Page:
Monday, December 12, 2016

Selous, 2nd Day

Given how productive our first day in Selous had been, we were really looking forward to our second full day in the park.

The birding started pretty much immediately with this Collared Palm-Thrush outside our tent:

And African Golden Weavers nest-building close to the main lodge building:

When we're preparing for a holiday we tend to work through the guidebooks to help us pre-learn the families and species we might see, to aid identification in the field.  We also pick a number of 'target species', birds we really want to see on the trip.  I made a mistake of focusing most of mine on specialist range-restricted species including two form the Usumabara Mountains (oops!), Helen had wisely selected a broader base of species, including the Racket-tailed Roller.   For the morning drive we were going to try and find this species.

On the way to their habitat we found a Chin-Spot Batis:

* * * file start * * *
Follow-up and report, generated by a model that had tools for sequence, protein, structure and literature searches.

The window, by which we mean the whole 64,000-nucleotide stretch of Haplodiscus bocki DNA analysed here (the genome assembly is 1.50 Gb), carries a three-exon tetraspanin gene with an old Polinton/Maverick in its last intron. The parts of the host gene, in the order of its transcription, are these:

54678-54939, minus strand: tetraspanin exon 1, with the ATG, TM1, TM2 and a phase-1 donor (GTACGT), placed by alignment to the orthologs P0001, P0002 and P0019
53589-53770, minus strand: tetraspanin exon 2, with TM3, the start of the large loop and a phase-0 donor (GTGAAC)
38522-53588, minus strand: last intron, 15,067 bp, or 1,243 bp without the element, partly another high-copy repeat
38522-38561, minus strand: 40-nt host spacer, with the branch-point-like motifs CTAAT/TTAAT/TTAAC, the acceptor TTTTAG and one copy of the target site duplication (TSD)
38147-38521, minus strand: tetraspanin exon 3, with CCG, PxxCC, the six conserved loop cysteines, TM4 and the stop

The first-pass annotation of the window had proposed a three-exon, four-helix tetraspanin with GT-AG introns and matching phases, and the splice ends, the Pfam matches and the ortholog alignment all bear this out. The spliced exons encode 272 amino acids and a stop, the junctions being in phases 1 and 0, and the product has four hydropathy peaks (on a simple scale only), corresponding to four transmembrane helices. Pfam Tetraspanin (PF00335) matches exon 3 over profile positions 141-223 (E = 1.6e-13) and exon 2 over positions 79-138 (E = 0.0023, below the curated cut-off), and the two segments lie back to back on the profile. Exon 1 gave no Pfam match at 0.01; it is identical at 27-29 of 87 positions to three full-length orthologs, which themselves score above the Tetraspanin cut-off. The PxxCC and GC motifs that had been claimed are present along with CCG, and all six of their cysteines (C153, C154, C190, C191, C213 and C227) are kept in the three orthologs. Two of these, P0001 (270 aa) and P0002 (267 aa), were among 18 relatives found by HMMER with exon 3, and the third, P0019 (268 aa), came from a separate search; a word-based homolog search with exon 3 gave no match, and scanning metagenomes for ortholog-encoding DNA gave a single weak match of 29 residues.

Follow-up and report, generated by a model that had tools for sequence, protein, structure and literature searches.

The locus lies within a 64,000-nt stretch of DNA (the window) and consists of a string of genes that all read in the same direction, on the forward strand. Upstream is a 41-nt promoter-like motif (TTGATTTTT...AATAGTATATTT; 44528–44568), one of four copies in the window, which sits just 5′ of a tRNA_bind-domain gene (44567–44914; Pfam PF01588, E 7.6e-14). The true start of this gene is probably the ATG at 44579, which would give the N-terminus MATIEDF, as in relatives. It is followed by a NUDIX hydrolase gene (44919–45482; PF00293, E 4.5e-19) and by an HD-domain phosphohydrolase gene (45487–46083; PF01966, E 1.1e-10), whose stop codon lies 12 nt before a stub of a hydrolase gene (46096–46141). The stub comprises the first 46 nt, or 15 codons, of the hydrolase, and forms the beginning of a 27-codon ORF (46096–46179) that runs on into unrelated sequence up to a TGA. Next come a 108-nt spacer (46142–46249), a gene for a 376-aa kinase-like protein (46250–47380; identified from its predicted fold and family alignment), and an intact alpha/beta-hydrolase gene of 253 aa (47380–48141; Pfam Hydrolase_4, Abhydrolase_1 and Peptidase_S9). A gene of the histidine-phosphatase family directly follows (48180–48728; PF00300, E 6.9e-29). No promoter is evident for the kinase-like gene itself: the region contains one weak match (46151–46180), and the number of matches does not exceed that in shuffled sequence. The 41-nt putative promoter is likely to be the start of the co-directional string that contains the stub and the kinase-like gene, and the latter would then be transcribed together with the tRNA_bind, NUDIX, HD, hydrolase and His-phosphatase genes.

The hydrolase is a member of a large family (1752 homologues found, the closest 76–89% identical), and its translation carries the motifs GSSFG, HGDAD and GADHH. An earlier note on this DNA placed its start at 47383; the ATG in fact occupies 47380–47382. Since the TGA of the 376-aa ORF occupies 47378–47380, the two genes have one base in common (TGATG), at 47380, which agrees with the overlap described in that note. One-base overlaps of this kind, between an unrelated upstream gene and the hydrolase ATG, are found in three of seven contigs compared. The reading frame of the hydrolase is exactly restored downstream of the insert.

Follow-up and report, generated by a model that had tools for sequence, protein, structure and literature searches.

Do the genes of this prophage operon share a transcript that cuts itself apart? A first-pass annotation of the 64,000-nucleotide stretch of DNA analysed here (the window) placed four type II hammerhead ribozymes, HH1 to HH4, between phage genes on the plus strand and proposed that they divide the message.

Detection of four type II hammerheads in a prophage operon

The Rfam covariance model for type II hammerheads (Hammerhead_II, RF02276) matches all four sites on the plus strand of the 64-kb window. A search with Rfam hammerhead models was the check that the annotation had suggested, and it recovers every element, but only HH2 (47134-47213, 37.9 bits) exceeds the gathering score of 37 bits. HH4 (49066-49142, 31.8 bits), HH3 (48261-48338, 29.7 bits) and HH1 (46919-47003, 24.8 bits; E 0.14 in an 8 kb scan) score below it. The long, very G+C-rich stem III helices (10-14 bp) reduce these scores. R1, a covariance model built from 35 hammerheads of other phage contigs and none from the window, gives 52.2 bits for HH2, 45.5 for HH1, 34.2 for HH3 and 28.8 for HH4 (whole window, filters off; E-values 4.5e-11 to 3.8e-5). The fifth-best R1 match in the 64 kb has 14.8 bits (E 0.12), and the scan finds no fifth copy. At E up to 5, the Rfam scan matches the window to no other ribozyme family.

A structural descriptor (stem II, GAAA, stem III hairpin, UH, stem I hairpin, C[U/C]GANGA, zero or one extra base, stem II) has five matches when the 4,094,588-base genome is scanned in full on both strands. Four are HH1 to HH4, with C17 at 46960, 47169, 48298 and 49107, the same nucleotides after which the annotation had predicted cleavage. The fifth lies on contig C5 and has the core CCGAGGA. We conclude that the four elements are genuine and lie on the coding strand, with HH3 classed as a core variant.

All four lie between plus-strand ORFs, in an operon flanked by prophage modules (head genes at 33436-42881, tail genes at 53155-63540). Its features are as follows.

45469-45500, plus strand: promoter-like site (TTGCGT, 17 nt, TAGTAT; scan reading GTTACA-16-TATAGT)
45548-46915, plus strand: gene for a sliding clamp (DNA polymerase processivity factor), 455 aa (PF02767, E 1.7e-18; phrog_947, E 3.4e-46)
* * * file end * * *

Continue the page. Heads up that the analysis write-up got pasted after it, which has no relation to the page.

A Spotted Hyena relaxing in the shade:

White-Headed Black-Chat, male:

and female:

We'd managed just a glimpse of the species for the first half an hour in the right spot and time was ticking on.   It was also time for a bush break.  Helen, on selecting a discreet spot managed to flush three Racket-tailed Rollers, all of whom stayed relatively close:

We were chuffed to see this species and to have sufficient time to observe them in the field.

Over lunch we showed the pictures to some other guests who made the species their target for the following day!

We did see a lot more both that morning and in our afternoon drive, including African Hawk Eagle:

Collared Sunbird:

Black-collared Barbet:

Brown-headed Parrot (previously called Myer's Parrot)

Red-billed Firefinch:

Green-winged Pytillia:

Greater Blue-eared Starling:

The odd-looking Retz's Helmet-Shrike:

Scarlet-chested Sunbird:

At one point a large lizard climbed a tree, Ezra explained it was looking for nests for eggs or chicks.  They can make themselves quite small when they're not sure what is about:

The combination of the landscape and the skies never ceases to impress:

A pair of Violet-backed Starlings were nesting close to the lodge, so we got to see them relatively close-up, this is the strongly coloured male:

Back close to camp a White-fronted Bee-eater:

Sunset with a sun-downer overlooking another of the lakes was beautiful:

Time for dinner and our extended Masai guard to escort us about the camp.


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